Tabletalk Subscription
You have {{ remainingArticles }} free {{ counterWords }} remaining.You've accessed all your free articles.
Unlock the Archives for Free

Request your free, three-month trial to Tabletalk magazine. You’ll receive the print issue monthly and gain immediate digital access to decades of archives. This trial is risk-free. No credit card required.

Try Tabletalk Now

Already receive Tabletalk magazine every month?

Verify your email address to gain unlimited access.

{{ error }}Need help?

1 Kings 4:20–34

“Solomon ruled over all the kingdoms from the Euphrates to the land of the Philistines and to the border of Egypt. They brought tribute and served Solomon all the days of his life” (v. 21).

Roughly one thousand years before Solomon ascended the throne of Israel in about 970 BC, God called Abram, later Abraham, out of Ur, promising to make of him a great nation, to give him a good land, and to bless all the families of the earth through him (Gen. 12:1–3). It took centuries for Abraham’s descendants to grow into a great nation and to possess the promised land of Canaan, but God was working to fulfill His promises. Under Solomon, the fulfillment of God’s word to Abraham reached a high point.

We learn this in today’s passage, which summarizes the glory of Solomon’s reign. First, we read that “Judah and Israel were as many as the sand by the sea” (1 Kings 4:20). The Lord made this very promise to Abraham, and it was accomplished in Solomon’s day (Gen. 22:17). Second, 1 Kings 4:21 reveals the vast expanse of land Solomon’s kingdom controlled. Noteworthy here is that the boundaries described in today’s passage essentially match the scope of land promised to Abraham in Genesis 15:18–21. In the days of Solomon, the people enjoyed the land inheritance promised to Abraham.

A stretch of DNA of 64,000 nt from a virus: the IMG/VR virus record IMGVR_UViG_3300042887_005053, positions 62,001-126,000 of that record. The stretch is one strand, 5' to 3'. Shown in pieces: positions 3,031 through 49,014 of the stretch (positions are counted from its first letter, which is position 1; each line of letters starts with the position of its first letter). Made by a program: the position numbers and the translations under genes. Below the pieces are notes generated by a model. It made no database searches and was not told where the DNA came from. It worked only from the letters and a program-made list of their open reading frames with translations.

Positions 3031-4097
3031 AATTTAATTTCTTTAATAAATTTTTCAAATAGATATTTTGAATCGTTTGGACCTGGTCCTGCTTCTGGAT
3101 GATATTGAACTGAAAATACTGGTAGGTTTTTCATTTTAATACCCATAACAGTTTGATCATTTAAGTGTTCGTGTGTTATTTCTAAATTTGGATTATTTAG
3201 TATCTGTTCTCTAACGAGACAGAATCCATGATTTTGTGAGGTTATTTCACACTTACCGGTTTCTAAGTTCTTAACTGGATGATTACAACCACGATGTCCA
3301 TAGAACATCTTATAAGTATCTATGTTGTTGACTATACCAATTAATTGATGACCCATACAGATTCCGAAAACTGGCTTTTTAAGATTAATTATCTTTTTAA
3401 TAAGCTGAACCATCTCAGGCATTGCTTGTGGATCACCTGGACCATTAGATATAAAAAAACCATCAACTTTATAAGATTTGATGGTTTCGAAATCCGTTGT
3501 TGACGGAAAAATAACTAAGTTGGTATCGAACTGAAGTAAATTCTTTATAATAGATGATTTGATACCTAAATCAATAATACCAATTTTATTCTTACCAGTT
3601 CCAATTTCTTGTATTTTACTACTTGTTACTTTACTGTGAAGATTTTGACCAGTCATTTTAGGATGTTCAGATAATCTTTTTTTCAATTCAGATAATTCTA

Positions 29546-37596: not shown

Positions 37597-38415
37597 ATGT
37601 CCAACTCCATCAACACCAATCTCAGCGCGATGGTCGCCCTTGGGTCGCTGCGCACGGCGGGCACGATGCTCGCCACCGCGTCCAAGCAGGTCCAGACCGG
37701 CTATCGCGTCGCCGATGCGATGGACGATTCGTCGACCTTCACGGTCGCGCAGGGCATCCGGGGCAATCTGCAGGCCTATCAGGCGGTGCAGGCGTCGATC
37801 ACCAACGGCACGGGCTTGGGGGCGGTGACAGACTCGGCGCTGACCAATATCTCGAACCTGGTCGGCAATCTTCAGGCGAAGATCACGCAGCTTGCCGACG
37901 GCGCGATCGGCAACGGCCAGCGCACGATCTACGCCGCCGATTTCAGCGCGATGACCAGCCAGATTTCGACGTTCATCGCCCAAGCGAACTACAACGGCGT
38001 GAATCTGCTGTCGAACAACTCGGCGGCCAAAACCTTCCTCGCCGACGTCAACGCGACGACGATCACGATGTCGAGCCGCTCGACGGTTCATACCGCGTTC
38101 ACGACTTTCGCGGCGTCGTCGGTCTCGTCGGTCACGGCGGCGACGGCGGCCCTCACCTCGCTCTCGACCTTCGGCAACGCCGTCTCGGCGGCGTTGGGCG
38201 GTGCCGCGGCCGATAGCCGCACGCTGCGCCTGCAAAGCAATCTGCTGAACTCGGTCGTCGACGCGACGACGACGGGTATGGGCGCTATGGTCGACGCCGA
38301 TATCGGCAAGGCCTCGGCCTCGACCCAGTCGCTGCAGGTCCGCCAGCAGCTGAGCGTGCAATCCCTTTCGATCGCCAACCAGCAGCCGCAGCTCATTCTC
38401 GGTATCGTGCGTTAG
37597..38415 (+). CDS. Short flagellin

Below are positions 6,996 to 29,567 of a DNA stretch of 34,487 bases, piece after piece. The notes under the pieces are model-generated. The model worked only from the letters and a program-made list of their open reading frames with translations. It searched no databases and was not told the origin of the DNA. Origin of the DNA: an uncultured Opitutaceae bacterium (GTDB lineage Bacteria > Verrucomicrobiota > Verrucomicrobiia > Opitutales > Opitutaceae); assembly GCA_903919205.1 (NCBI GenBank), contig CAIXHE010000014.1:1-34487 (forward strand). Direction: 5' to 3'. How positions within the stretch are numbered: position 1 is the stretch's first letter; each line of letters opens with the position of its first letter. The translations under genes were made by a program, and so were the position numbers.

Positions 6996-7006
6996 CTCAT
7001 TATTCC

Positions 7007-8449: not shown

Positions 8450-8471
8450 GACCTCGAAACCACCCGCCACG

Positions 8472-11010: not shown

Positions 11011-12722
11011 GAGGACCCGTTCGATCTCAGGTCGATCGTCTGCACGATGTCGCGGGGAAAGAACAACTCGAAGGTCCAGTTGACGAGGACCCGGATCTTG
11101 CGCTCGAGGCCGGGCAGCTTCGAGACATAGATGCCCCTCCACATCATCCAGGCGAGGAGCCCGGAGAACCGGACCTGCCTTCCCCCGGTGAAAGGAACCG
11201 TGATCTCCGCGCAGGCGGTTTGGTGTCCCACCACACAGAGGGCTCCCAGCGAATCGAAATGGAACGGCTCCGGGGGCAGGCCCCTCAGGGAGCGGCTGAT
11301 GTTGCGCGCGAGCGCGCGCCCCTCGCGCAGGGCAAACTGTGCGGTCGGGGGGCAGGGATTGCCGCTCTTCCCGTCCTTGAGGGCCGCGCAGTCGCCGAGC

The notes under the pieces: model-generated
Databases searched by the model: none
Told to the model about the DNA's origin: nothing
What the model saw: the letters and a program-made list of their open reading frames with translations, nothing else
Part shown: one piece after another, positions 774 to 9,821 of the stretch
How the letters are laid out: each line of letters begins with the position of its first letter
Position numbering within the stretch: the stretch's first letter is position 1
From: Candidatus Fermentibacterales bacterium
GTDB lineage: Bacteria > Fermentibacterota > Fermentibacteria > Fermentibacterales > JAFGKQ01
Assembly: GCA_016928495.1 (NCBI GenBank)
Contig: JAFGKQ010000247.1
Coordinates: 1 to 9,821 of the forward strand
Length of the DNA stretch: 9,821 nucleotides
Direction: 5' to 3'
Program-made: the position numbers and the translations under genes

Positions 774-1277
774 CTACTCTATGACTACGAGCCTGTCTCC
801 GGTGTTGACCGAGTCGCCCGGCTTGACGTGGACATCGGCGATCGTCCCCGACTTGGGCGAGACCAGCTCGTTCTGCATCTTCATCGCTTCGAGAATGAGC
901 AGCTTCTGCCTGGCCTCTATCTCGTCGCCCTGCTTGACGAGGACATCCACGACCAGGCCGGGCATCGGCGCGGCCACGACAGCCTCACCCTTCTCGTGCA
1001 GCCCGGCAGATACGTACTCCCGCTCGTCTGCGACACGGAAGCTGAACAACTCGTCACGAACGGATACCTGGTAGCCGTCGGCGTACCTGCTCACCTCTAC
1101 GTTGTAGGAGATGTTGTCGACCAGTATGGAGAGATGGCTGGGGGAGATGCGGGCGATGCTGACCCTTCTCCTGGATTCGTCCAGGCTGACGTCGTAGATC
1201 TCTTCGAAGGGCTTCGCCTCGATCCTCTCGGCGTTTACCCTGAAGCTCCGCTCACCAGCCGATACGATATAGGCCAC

Finally, 1 Kings 4:34 explains that the people of all nations and the kings of all the earth came to Solomon to hear his wisdom. This is a fulfillment of the promise that Israel would bless the whole world (Gen. 12:1–3). In Solomon’s day, the world benefited from wisdom in Israel when it came to hear the wise teachings and sayings that the God of Israel gave to Israel’s king. Today’s passage tells us that Solomon spoke thousands of proverbs and had a keen interest in the natural world, both of which are evidenced in the fact that several of the proverbs of Solomon are based on observations of the created order (e.g., Prov. 6:6–8). Also, much (if not all) of the books of Proverbs, Ecclesiastes, and the Song of Solomon is attributed to Solomon (although the tradition that Solomon wrote the Song of Solomon as a young man, Proverbs as a middle-aged man, and Ecclesiastes as an old man may be nothing more than a pious legend).

Solomon’s reign was an era in which God’s promise to Abraham was fulfilled in a spectacular fashion, but there are clues in today’s narrative that this was not the ultimate fulfillment of God’s promises. First Kings 4:26–28 reports that Solomon had provisions for thousands of horses, a clear violation of Deuteronomy 17:16. Solomon was a good king, not a perfect one. Only One greater than Solomon could consummate the promise to Abraham (Luke 11:31).

Coram Deo Living before the face of God

At Christ’s return, the promise to Abraham will be finally and fully consummated. Until then, God continues to fulfill His pledge to the patriarch. Abraham’s true children—the church—are as numerous as the sand on the seashore, and their number continues to grow. Moreover, the nations are being blessed as Abraham’s children preach the gospel. Let us be grateful that God is keeping His promise, and may we be used of Him to bless the world.

For Further Study
  • 2 Chronicles 1:14–17
  • Matthew 12:38–42

Solomon’s Great Wisdom

Stewarding Our Schedules

Keep Reading What Does That Verse Really Mean?

From the August 2019 Issue
Aug 2019 Issue